Today, voters express frustration with the Electoral College and call for the president to be elected by a popular vote. However the Electoral College’s flaws are exaggerated and compared to alternatives it is the best system. It protects voters from various backgrounds while adhering to our founding ideals.
In 2000, Bush was the fourth president to win the electoral vote while losing the popular vote. This occurred because in some states Bush gained more votes but by a small margin. The Electoral College uses a “winner takes all approach.” For example, if 51 percent vote for one candidate and 49 percent vote for the other, all of the electoral votes for that state go to the winner. People find this frustrating because presidential candidates could potentially win the Electoral College vote, but lose the popular vote. Because of this people are calling to change our voting system to a direct popular vote.
If we were to change to a direct popular vote, the system would have two main flaws. The first is that it would allow larger states to dominate the election by their sheer massive populations. California’s population is 74 times larger than Wyoming’s population. Small states would be swallowed up because large states would vote for the candidate who would benefit their state goals, rather than the country as a whole. Ultimately candidates would then have to worry about only appealing to large populous states in order to win the elections. The Electoral College gives representation to small states while still enabling population to have an effect. Each state has the same number of electors as they have senators and representatives, giving a total of three electoral votes to even the smallest states.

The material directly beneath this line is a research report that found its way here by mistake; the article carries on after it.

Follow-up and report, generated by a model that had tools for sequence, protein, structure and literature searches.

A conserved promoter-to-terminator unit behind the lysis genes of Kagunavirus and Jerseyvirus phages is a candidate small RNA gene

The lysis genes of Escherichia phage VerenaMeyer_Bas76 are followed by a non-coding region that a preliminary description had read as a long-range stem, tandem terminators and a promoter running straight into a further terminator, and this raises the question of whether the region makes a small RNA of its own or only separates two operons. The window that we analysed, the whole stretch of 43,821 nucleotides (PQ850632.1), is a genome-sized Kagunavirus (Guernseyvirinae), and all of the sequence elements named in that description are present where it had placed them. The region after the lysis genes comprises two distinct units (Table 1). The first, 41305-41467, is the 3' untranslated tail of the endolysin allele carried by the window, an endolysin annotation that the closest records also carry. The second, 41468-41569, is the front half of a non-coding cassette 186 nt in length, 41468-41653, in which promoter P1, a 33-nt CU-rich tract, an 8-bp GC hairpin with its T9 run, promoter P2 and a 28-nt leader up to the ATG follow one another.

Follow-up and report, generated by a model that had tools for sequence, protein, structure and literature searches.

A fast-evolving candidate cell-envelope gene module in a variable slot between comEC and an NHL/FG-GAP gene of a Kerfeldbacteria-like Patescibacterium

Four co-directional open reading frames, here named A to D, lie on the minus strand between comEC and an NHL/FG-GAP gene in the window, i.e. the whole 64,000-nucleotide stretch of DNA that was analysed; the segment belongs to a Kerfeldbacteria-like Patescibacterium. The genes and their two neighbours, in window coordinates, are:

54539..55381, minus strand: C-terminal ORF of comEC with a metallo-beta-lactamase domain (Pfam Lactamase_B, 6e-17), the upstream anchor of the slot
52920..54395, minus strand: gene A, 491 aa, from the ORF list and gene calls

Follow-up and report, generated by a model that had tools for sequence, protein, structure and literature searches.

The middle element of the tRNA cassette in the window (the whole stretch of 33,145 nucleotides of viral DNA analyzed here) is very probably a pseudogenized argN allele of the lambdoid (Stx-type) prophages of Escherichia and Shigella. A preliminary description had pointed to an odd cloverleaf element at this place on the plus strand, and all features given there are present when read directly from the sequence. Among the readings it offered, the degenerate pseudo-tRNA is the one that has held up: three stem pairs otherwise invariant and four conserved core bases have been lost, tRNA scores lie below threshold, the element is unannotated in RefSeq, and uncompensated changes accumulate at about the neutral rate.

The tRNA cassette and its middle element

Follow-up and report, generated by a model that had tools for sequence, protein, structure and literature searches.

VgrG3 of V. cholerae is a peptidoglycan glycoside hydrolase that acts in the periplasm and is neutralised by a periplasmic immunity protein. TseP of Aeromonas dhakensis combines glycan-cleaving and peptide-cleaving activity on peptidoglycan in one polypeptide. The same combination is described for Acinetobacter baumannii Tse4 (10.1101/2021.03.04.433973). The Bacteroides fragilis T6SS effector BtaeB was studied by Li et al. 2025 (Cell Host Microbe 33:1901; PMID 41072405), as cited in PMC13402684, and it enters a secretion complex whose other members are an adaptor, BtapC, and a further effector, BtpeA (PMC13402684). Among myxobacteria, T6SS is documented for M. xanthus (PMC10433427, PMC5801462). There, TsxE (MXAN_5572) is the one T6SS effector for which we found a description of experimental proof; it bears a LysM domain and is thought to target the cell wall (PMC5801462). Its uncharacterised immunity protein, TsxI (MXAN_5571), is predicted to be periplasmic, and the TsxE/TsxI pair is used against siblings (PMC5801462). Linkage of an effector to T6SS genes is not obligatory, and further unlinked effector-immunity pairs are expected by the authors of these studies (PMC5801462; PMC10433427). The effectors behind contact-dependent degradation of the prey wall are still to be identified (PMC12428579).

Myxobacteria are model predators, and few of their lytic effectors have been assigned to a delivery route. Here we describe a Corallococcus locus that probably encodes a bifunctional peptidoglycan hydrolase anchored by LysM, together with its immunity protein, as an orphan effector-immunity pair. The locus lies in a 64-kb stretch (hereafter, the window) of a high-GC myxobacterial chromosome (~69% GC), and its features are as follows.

The second main flaw would be that it goes against our nation’s democratic republic foundation. Our founding fathers set up the government to be a representative democracy in order to create an effective system while still giving minorities, interest groups and the American public a say. This enables us to filter three hundred million ideas into 540 representatives who then argue and defend those ideas while having a better chance of compromising and getting something done. A popular vote would contradict this ideal by enabling citizens to directly elect the president. This would not only give power to certain regions but also could lead to results prolonged for weeks as all votes are counted, especially if a recount is called.
Others argue that the Electoral College highlights a few states known as “swing states.” Candidates focus their efforts in these states because in these states electoral votes are undecided. However if we were to switch to a popular vote, the preferred candidate in a state would probably not change. In this past election, only two districts in Kansas voted for the democratic candidate meaning that the majority in Kansas still voted Republican. If we were to switch to a popular vote, the states with large populations would become the new bombarded states. Either way, people are unhappy.
If we were to try and replace the Electoral College, it would be highly unlikely that the amendment would be passed because it would need a two-thirds vote from both the houses and would have to be ratified by three-fourths of the state legislatures. The Electoral College may cause frustration to some, but in reality it has proved successful for over 200 years. Americans have exercised their right to vote and presidents have successfully been inaugurated. It maintains our representative democracy and gives small states an influence.